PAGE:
Group of predominantly black people standing in front of the James McGill statue holding signs


The Global Reckoning on Anti-Black Racism at McGill – A Time of Denunciation and Action

In response to the purported 2020 global reckoning on anti-Black racism sparked by the murder of George Floyd, Black communities across the world coalesced to demand change and recognition of the ongoing anti-Black racism embedded across all societal institutions. McGill’s Black community ensured administrators were held to standards intended to usher institutional reforms aimed at dismantling anti-Black racism and reckoning with its own past. As, from its inception, McGill University  was founded on anti-Black and anti-Indigenous racism as its founder James McGill owned Black and Indigenous enslaved women and children. Moreover, James McGill’s wealth was acquired through profits from the slave trade. This is a history that McGill University administrators have for long attempted to erase and burry, but formally recognized after much pressure from Black and Indigenous students and staff that highlighted the ways in which this legacy is mirrored in the persisting anti-Black racism at McGill captured by the low representation and retention of Black students, faculty, and staff.  

While there is a long tradition of Black mobilization and resistance at McGill, 2020 marked an unprecedented level of solidarity and collaboration across Black student groups, staff, and faculty that jointly denounced McGill’s performativity and most importantly, articulated demands to improve their experience and that of generations to come. This mobilization informed and paved the way for the student-led Take James Down Campaign, the Action Plan to Address Anti-Black Racism, the creation of the Dr. Kenneth Melville Black Faculty and Staff Caucus, and the Black Affairs Committee and Commissioner role within SSMU.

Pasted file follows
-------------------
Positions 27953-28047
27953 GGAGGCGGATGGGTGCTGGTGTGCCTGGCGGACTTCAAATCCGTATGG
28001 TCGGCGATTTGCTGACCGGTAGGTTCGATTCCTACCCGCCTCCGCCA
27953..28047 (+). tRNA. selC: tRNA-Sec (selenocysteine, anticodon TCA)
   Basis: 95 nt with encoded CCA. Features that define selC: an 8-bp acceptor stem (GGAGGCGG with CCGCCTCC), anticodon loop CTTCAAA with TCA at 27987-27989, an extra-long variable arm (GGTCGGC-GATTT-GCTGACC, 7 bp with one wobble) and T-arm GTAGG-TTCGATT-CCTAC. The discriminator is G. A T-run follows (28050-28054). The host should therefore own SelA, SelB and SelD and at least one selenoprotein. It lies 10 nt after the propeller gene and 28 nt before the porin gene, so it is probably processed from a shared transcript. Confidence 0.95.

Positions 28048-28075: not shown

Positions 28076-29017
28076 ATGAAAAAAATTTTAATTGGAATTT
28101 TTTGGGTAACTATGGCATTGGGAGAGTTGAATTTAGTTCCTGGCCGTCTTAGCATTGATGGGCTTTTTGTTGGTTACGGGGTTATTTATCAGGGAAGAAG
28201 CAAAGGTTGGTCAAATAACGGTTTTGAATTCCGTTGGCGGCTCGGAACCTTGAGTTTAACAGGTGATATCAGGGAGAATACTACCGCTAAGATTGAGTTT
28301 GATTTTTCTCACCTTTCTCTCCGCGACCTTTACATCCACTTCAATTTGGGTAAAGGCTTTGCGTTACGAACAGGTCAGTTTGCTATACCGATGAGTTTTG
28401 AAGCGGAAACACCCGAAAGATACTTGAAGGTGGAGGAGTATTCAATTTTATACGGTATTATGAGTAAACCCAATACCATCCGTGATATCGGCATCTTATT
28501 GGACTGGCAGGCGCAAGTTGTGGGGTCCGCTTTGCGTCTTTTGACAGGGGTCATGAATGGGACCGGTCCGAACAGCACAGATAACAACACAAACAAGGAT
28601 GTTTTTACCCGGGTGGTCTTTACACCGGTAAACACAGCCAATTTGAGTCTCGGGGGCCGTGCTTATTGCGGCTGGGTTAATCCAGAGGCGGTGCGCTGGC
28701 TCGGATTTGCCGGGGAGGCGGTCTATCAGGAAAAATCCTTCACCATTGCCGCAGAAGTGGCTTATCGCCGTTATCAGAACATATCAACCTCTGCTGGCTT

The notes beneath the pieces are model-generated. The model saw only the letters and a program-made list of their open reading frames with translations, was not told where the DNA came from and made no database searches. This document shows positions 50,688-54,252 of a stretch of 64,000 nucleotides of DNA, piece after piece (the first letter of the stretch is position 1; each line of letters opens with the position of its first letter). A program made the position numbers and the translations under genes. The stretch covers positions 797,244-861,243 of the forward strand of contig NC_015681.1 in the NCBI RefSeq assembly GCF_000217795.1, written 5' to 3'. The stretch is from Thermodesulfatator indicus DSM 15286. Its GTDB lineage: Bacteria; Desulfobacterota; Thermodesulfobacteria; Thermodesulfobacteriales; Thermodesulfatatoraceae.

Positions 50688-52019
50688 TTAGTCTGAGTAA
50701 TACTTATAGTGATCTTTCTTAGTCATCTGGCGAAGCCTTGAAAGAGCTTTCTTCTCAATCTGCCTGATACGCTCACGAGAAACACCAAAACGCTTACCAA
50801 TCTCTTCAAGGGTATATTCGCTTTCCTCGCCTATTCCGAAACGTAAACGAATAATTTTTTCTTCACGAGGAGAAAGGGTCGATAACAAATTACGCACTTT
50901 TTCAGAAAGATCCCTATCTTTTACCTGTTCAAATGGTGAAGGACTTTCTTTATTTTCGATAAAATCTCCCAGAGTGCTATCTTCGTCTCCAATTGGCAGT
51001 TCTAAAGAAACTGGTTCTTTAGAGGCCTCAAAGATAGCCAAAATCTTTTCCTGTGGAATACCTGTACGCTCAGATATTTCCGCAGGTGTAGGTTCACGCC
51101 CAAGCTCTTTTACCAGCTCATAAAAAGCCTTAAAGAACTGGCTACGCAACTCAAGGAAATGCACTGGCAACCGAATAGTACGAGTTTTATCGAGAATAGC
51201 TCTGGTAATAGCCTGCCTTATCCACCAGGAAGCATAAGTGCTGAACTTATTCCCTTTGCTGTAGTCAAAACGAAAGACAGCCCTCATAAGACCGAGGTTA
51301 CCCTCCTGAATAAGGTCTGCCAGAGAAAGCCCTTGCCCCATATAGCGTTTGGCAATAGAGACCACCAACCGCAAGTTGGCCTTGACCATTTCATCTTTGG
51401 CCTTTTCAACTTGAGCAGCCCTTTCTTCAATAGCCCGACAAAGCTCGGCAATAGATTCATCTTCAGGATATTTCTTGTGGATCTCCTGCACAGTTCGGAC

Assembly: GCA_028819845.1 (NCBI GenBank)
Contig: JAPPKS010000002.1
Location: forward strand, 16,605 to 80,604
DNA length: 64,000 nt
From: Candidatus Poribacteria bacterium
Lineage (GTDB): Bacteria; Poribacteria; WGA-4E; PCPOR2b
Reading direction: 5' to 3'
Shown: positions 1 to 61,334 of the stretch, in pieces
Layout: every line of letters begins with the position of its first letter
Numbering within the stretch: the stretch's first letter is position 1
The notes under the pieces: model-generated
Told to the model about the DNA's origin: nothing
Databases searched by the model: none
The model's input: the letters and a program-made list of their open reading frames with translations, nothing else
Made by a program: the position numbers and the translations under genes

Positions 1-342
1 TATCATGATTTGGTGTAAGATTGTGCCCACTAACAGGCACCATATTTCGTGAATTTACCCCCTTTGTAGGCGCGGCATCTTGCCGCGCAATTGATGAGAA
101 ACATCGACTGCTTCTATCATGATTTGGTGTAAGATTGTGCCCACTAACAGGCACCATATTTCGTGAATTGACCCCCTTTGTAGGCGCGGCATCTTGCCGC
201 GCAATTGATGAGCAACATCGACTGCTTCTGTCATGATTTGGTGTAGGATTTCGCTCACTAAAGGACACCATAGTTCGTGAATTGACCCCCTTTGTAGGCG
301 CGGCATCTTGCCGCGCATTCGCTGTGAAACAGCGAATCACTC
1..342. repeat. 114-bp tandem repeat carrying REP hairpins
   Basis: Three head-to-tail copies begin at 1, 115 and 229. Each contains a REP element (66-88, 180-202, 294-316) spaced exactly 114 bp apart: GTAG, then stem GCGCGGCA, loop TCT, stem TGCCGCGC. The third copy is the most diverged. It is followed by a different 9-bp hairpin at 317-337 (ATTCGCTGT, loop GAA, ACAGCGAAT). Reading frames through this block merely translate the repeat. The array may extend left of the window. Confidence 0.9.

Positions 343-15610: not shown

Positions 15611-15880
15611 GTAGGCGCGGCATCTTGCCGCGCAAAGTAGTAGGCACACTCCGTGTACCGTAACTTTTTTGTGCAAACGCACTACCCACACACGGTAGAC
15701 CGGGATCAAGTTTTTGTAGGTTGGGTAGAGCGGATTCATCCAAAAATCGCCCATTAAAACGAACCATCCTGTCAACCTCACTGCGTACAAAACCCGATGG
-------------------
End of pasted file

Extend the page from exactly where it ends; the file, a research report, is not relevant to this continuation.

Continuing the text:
The Black Affairs Magazine highlights Black art, media, writing at the university. We are of, by, and for Black students, for now, for our ancestors in these spaces, and for a better future to come.

We accept prose, poetry, photography, drawings, sketches, short plays, music (lyrics), articles, interviews. If you do not see your specific art form represented, please reach out to the team and we will be happy to discuss your interest and craft further.

For more information see the following guidelines:

As part of the Provost Anti-Black Racism Plan, The Black Student Space located in 216 Ferrier is a space for Black students to meet, network and share experiences. If you are a Black student who would like to have access to the room please email: with your full name and student ID. 

Leadership and Institutionalizing Black Solidarity and Support at SSMU

In his capacity as SSMU VP External Affairs (2020-2021) Ayo Ogunremi proposed and successfully spearheaded the creation of the  Black Affairs Committee chaired by a Black Affairs Commissioner within SSMU. The establishment of this position marks a pivotal moment to institutionalize  and ensure long standing support for Black students at McGill. The Black Affairs Commissioner serves as the Chair of the Black Affairs Committee and is mandated to advocate for Black students at McGill, promote the equity and inclusion of Black students on campus, facilitate events, workshops, campaigns, and other advocacy initiatives. Moreover, this position ensures adequate representation of Black students within the SSMU council and works closely with McGill University’s  Black Affairs team. To provide and ensure adequate representation, the Black Affairs Commissioner hosts a monthly committee with representatives from every Black student group and/or service to discuss ongoing challenges and identify solutions and avenues of support from SSMU. Starting fall 2022, the Black Affairs Committee will be funded through a mandatory and historic student levy voted upon and reaffirming the interest and commitment of McGill’s student body to support the improvement of  the Black student experience.  

To learn more about the Black experiences at McGill and resources available, please  consult the following links:

The SSMU External Affairs team is available and ready to help students seeking support to advocate for the Black community, whether it be by starting a political campaign, lobbying elected representatives, working with community community organizations, etc.

For any questions, comments, or general inquiries you can reach the Black Affairs commissioner at

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